A new playlist this morning Medway To Heaven can be found on the right hand sidebar or by clicking here. It’s better than being midway to Hell, a journey which would be completed with defeat on Monday night. Not because of the preening and intolerable idiocy of Mourinho but the thought of spending a week with a gloating brother-in-law does not sit comfortably this morning. It’s either that or last night’s dinner which is bring forth a caustic mood.
Arsène tried to distract from his appalling record against Mourinho, observing that the meeting was about the two squads and not a managerial ego-fest. That may well be the truth for himself, the same cannot be said of his opposite number or the media, in particular the commentators who will spend hours researching the two clubs history and repeatedly tell us that Wenger has not won any of the nine meetings with the Portugeezer.
Of more concern to Wenger will be recent form. It will have been three weeks since the last win, a draw and two defeats in the three matches since Hull were swept aside. That run of results could see Arsenal fall to fourth place if everyone else wins this weekend; if broken cannons come out when the team is top of the table, what imagery will the media be able to use in that scenario? Wenger obviously believes it will not come to that, confident that morale has not been hit by that sequence of results,
They [recent results] have been disappointing for us. But I don’t think they have affected the morale. We have made good results until now because we have a good solidarity level and a good togetherness in the squad, and I don’t see any sign of that dropping.
I think even more that the players are focused to respond on Monday night. It can happen in a season when sometimes you have a bit of a weaker period. How you respond to this kind of problem is what matters.
The timeliness of the response is also crucial. Such is the paucity of Arsenal’s form in these encounters, Chelsea will be favourites to emerge with three points despite being in questionable form themselves. Last Saturday’s result makes the reaction difficult to predict. The manager’s belief that it will be a positive is not unexpected; of course he wants to believe that to be the case and perhaps the players have been able to compartmentalise the margin of defeat with positive reinforcement of Wenger’s message about the attack being able to score as many as were conceded. If the squad is honest with itself, they know City could – and should – have scored more. But they didn’t and this is the aspect which should be quickly forgotten.
Professional and personal pride ought to have been stung. For some, it will have recalled memories of the eight-goal drubbing at Old Trafford; for others, it would have been an entirely new experience. Has Özil or Cazorla ever been on the wrong end of such a scoreline? Giroud? Mertesacker? The squad is full of players who have been around the footballing block, who should be able to lift themselves from the slough into which they have descended. And having lived near to Slough, it is somewhere that no-one should descend into.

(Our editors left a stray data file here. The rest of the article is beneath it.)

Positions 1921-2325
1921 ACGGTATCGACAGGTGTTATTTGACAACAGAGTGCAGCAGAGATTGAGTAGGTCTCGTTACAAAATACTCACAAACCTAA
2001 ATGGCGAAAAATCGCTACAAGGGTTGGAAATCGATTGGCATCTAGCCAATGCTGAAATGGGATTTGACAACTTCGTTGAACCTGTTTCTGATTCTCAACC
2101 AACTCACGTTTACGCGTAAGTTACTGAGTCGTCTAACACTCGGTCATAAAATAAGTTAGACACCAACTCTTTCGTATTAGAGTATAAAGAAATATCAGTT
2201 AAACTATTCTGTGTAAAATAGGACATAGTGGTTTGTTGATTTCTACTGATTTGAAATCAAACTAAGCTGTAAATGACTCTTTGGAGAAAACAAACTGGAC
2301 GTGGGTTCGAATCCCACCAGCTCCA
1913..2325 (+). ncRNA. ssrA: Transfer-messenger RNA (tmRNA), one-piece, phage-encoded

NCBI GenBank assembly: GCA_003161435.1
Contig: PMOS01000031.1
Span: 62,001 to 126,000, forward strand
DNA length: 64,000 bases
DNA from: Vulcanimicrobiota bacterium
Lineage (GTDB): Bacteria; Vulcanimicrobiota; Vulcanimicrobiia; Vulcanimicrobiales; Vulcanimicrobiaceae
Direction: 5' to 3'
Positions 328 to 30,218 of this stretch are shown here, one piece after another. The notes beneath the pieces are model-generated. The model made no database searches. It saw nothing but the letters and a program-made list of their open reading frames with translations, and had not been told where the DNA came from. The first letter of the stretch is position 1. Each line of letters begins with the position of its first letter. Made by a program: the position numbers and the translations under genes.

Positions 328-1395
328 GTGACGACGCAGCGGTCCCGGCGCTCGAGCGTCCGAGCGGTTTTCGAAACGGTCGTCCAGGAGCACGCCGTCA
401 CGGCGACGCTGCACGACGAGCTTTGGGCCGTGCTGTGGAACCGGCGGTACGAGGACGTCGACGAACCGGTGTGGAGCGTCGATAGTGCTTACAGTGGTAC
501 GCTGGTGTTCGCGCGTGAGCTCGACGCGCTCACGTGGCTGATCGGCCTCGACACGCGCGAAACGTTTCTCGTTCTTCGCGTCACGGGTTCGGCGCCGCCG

Losing Jack Wilshere takes the spotlight away from the tiresome aspects of the defeat, the return of Lukas Podolski providing the lift the squad needed. Theo Walcott’s brace at City offered some respite to Olivier Giroud in terms of the burden of goalscoring, Podolski offers a different threat for defences to consider. The creativity of Özil and Cazorla puts question marks into defenders minds but they are not considered as much of a scoring threat as those returning to fitness; Walcott and Podolski have more directness in their style. It makes them sound ‘agricultural’ and nothing is further from the truth; just a different attacking prospect and that is perhaps what Arsenal need. The more tactically astute coaches have been able to nullify Arsenal in recent weeks; would a fit Walcott have influenced Everton and Napoli?
Those two games hinted tiredness was creeping in, culminating in Wenger making five changes at Eastlands as injuries influenced selection. That run has seen the side heavily rotated with only three players featuring in all four games, including Hull. Whilst the players ought to be able to cope with dropping in and out of the side, it will have some unsettling effect. Arguably that was Arsenal’s greatest strength in reaching the top of the table; the squad was depleted in places and Wenger was forced into a settled line-ups. The downside caught up with them recently but a week or more of rest ought to have compensated for that.
Aaron Ramsey believes the side will recover quickly from the defeat at Eastlands,
Everyone wants to win. The players are very passionate. They give their all in every game. That’s definitely an area where we have improved over the past couple of seasons. Teams will drop points at City this season, so we can’t get too down about that. And we play them at home later in the season so we need to make sure we beat them then.
I did an interview with Martin Keown not so long ago and he told me the main difference this season is the fact that he can see more leaders on the pitch. He obviously felt there was room for improvement there and he has noticed that. He can see the players are more demanding of each other on the pitch.
Belief; there has been more of that from the players this season and on Monday, they will need to show the leadership their predecessors displayed the last time we played Chelsea at home in a Christmas fixture. Going into that match in December 2010, Arsenal had been well beaten at Old Trafford seven days previously – even if the scoreline did not reflect United’s dominance – and were not expected to win in the London derby. Chelsea were blown away in the first half and three quick goals settled the match either side of half-time. A repeat of that would settle any questions the squad may ask of themselves.